By Rich Kane
By Joel Beers
By LP Hastings
By Dave Barton
By Patrice Wirth Marsters
By Erin DeWitt
By Taylor Hamby
By LP Hastings
Poor Alfred Hitchcock. Now that we've got pay-per-view webcams, tell-all online diaries and more-real-than-reality TV, his seedy little story about a guy peeping on his neighbors seems almost wholesome by comparison. At least he was taking an interest in his community, right?
But a little nostalgia never hurt anyone, and Voyeur, the Hunger Artists adaptation of Rear Window, takes us back to a time when being a sicko was—like everything else—a little simpler. It's not the scathing indictment of the current creep-culture it could be, but director Melissa Petro's faithful homage to that jowly genius transfers thrills and chills mostly intact from the silver screen to the stage.
You probably already know the plot: a housebound photographer kills time by spying on his neighbors. It's all good, sick fun until he sees one of them killing more than time.
Wisely, Petro plays her adaptation very straight, leaving it to Hitchcock's still-alive-and-kicking material to carry the subtext of the play and concentrating on crafting a vessel for Hitch's vision. John Beane as sweaty invalid L.B. Jeffries and Larissa Cahill as spunky girl-about-town Lisa Fremont are spot-on with their fusty '50s mannerisms, and Petro's set design lends itself to the window-as-movie-screen conceits of the original.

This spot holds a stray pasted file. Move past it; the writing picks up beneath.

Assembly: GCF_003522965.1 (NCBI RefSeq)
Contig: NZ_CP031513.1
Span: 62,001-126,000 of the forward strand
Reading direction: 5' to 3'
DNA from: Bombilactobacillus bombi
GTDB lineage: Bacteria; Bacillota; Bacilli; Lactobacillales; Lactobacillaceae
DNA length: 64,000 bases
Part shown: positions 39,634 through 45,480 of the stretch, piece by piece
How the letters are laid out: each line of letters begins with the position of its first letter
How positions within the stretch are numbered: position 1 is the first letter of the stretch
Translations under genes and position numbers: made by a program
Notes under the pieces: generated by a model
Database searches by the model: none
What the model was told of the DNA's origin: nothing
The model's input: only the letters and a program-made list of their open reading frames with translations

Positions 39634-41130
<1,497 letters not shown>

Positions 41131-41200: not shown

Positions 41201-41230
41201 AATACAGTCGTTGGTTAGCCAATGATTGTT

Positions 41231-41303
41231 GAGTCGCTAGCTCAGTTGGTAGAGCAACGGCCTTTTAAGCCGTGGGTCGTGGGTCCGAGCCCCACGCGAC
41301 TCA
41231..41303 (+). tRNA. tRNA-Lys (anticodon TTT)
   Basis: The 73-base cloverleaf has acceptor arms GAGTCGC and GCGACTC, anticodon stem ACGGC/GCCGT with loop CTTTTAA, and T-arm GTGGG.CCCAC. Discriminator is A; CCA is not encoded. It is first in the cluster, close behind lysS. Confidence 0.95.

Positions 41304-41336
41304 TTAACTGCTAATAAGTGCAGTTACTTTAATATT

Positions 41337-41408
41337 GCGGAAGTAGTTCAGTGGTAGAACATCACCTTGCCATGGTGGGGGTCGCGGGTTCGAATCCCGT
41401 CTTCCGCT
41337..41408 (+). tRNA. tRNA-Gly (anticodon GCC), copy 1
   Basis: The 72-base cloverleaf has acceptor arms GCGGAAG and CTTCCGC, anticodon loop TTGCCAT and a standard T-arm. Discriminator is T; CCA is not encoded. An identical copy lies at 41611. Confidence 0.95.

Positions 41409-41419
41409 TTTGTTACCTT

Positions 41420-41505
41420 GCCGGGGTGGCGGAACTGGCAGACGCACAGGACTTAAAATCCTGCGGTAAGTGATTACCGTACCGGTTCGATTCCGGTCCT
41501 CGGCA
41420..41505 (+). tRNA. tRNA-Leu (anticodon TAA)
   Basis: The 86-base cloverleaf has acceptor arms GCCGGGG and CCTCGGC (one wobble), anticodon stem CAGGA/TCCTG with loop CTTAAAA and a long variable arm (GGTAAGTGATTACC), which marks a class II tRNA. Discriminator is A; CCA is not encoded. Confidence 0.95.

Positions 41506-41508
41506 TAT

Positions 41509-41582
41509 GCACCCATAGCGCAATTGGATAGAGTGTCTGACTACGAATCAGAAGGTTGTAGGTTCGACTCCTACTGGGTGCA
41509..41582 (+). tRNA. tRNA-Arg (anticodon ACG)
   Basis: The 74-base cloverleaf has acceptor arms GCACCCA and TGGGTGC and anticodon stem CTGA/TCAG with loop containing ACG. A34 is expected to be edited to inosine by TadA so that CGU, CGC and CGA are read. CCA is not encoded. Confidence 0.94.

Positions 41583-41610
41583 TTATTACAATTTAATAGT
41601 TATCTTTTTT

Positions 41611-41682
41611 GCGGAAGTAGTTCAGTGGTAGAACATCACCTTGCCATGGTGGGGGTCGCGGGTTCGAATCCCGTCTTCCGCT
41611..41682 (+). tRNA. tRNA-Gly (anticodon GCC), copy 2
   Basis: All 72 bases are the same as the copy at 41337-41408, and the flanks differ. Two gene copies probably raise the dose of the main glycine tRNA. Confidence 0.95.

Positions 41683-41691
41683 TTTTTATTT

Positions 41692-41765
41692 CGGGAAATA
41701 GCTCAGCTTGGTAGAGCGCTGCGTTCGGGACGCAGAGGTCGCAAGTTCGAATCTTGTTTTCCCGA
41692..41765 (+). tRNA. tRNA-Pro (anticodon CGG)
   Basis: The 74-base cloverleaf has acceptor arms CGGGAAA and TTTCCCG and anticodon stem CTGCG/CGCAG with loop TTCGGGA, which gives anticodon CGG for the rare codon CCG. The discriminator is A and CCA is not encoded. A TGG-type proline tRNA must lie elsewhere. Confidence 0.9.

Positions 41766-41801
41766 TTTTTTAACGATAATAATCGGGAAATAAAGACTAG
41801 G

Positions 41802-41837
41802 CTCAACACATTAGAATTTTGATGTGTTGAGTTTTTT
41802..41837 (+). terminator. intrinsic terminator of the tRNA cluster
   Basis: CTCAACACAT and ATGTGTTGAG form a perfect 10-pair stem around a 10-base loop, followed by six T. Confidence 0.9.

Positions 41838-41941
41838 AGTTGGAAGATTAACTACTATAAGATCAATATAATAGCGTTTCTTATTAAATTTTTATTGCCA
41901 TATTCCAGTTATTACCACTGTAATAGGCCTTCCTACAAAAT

Indeed, this production is all subtlety, probably as Hitchcock would have preferred. It's an eerily picture-perfect adaptation of the film first and a low-key indictment of the human weakness for peeking second. Maybe there was a missed opportunity here, a chance to really amp up the play and take a few desperately needed jabs at a culture more depravedly voyeuristic than anything the 1950s auteurs ever conceived. (By the way, did anyone tape the last Chains of Love?) But then again, why tamper with the masters? That Petro can stage a story everyone basically knows and nonetheless tease a horrified gasp or two out of an audience is a credit both to her measured approach and Hitchcock's talent. Rear Window still has something to show this nation of perverts. With Voyeur, Petro stays in the shadows to make sure we see it.
Voyeur at Hunger Artists Theater, 204 E. Fourth St., Ste. I, Santa Ana, (714) 547-9100. Fri.-Sat., 8:30 p.m.; Sun., 7:30 p.m. Through June 24. $12; $10 with reservation.